Magazine article New African

Why 'Soldier Go, Soldier Come': Osasu Obayiuwana on Why "Militics"-Instead of Politics-Has Become the Order of the Day in Nigeria. (Cover Story: Nigeria)

Magazine article New African

Why 'Soldier Go, Soldier Come': Osasu Obayiuwana on Why "Militics"-Instead of Politics-Has Become the Order of the Day in Nigeria. (Cover Story: Nigeria)

Article excerpt

An enduring -- and very frightening -- consequence of the Nigerian military's 29-year involvement in national politics is the undue influence they will wield in the 19 April elections. With four retired generals (including President Obasanjo himself) running for the top job, it is evident that the civilian political class lacks personalities with the charisma and needed financial support to mount a serious challenge.

No one can feign surprise that "militics" -- a word aptly coined to describe the intimidating practice of civilian politics by retired military personnel -- reigns supreme.

"With so many military men with more money than ideas, it was a certainty that they would remain a dominant force in Nigerian politics," says Nosa Igiebor, editor-in-chief of Tell, Nigeria's top-selling weekly news magazine. "Since they have more experience of ruling the country than the civilians, their influence will be felt for a long, long time," Igiebor adds, while bemoaning the dearth of credible civilians in the democratic polity.

"There are many civilian politicians who made their reputations through close association with the military and a good number of them are more than happy to maintain those links to their benefit," Igiebor says. "If they really want to have a bigger say in the democratic era, it is the responsibility of the civilian politicians to develop a military-free political culture that will last the test of time."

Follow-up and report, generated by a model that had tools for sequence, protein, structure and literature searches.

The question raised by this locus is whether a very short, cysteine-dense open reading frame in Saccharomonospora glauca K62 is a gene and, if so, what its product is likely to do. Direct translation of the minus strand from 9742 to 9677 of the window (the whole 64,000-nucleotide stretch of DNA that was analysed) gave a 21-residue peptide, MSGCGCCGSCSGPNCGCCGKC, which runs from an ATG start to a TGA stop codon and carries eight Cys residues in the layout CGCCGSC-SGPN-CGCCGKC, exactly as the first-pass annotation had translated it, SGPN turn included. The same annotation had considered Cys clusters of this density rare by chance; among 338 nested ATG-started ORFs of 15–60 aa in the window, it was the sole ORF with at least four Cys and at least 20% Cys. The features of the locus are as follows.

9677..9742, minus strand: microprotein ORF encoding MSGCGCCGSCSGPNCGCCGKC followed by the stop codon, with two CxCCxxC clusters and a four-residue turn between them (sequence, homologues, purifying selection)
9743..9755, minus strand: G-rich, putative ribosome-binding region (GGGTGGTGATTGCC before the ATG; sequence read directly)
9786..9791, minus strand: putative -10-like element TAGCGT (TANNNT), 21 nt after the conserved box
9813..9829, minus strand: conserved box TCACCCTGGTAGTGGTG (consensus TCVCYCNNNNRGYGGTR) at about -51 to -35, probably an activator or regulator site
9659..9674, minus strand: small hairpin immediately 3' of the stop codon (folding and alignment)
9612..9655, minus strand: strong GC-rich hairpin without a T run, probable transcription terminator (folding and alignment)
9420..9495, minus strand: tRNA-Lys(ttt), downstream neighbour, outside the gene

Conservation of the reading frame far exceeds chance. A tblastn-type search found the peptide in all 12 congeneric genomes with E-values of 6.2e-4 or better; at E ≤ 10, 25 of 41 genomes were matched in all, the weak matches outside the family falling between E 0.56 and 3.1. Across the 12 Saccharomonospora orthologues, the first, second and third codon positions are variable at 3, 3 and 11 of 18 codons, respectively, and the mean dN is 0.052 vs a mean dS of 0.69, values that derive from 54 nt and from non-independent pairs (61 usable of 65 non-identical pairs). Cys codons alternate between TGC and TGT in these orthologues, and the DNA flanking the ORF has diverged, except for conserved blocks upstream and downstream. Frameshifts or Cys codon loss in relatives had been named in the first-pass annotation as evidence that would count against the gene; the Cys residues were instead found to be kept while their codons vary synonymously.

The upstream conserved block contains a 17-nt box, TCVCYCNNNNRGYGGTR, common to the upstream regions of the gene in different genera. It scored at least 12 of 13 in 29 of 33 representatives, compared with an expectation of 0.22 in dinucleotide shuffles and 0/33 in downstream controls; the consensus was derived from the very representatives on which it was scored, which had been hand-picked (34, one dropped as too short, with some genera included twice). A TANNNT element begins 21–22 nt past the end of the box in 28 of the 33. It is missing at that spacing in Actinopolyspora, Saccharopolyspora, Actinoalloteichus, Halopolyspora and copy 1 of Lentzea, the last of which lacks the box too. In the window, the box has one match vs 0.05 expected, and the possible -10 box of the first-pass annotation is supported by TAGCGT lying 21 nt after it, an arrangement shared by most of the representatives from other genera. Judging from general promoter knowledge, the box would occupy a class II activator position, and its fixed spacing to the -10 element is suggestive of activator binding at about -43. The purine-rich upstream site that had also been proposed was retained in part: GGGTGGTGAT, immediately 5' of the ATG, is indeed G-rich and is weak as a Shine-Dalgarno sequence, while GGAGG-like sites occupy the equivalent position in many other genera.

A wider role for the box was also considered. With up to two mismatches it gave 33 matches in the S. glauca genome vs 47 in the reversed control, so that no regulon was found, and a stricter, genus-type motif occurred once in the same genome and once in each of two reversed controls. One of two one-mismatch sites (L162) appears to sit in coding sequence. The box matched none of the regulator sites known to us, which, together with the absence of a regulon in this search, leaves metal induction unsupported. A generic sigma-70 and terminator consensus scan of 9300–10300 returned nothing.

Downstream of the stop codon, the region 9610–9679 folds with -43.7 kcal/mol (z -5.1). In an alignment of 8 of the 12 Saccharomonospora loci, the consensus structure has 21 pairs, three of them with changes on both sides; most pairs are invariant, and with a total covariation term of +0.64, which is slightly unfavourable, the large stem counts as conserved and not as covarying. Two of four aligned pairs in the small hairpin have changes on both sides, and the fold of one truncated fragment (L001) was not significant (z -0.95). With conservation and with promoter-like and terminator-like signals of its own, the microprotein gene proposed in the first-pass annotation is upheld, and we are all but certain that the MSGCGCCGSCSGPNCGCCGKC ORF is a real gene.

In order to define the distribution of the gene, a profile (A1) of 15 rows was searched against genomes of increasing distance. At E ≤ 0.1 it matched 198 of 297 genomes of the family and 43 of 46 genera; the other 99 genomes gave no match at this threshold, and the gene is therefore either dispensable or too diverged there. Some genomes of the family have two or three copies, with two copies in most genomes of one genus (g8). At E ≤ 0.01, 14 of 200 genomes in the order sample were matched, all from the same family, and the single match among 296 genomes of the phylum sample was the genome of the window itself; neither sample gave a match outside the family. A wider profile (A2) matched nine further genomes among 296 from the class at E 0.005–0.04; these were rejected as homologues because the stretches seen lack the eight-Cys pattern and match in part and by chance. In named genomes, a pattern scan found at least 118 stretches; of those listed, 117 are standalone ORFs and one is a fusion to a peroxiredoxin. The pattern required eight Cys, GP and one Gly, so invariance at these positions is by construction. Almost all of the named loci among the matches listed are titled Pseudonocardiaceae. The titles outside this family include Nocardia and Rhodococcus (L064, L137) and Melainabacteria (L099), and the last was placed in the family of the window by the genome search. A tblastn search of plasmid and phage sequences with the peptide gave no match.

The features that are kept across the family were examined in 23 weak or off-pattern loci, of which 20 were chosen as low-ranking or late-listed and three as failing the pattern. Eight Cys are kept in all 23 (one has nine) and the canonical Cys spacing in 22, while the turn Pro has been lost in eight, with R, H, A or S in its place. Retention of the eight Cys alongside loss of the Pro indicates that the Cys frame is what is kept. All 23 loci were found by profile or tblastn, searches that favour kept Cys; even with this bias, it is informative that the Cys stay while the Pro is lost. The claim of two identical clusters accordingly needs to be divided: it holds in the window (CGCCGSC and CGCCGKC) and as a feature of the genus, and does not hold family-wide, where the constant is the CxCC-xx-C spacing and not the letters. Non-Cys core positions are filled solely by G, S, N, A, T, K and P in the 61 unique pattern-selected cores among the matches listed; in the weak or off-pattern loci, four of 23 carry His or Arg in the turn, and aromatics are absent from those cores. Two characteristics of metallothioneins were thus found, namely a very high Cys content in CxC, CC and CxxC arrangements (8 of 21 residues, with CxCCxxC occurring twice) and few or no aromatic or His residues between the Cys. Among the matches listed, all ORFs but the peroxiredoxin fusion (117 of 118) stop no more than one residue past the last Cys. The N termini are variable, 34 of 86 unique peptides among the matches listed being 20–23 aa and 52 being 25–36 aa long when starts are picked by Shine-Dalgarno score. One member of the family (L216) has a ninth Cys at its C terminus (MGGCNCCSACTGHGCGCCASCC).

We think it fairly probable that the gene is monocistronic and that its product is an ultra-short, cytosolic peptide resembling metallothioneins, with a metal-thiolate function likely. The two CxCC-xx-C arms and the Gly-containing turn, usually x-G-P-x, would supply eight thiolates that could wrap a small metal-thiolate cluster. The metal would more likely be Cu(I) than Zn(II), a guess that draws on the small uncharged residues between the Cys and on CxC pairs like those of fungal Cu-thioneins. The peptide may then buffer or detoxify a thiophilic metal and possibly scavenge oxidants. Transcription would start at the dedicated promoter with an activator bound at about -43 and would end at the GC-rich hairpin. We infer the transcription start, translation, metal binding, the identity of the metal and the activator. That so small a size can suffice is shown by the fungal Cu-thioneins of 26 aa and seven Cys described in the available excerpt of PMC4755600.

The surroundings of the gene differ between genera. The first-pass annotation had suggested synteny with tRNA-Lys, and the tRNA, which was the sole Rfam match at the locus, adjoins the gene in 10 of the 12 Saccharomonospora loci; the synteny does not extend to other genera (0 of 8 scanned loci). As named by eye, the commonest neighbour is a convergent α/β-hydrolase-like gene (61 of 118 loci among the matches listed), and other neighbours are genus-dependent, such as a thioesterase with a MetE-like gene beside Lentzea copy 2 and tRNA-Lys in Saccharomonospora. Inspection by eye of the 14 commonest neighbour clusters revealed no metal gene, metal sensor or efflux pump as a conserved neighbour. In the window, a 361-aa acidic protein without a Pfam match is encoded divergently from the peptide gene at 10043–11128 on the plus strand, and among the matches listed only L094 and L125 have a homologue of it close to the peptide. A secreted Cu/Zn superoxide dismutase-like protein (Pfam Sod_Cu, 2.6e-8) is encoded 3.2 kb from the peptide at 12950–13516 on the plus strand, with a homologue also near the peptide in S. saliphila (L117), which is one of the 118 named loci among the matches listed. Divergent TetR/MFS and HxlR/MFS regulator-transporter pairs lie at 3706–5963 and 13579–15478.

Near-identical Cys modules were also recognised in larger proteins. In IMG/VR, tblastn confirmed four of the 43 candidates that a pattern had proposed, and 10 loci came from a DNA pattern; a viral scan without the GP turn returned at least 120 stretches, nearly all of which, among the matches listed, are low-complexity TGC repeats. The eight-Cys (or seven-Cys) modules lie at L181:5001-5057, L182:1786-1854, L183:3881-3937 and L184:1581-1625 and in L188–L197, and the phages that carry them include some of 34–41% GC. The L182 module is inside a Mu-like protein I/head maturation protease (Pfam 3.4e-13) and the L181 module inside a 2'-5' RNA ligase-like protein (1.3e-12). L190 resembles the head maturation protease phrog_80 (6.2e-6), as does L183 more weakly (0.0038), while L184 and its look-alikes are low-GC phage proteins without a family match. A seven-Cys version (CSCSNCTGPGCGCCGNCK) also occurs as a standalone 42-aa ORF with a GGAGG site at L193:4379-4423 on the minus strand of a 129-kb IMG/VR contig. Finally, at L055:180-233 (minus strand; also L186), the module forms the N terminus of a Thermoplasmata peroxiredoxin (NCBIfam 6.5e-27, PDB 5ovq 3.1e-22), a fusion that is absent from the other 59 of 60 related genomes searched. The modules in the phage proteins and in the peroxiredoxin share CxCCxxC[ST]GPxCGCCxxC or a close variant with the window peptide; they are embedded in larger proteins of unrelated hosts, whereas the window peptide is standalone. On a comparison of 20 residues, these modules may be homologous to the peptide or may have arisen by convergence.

But it is easier said than done. The patronage system engendered by the soldiers' long years in politics and the huge wealth they accumulated as a result, means that they have usurped the role of the traditional civilian movers and shakers of the country, and any candidate (civilian or military) so helped to power by the ex-soldiers, becomes beholden to them. In effect, the soldiers hold a disproportionate sway over national affairs.

The choice of Major-Gen Buhari, a Hausa-Fulani, as presidential candidate, was to provide a political counterweight capable of turning the tables against Obasanjo on 19 April.

With almost identical career backgrounds, with ethnicity being the distinct -- and key -- difference, the choice of the Daura-born Buhari is the response of the Northern Nigerian military/civilian elite to what they perceive as Obasanjo's insensitivity to their political and economic interests. …

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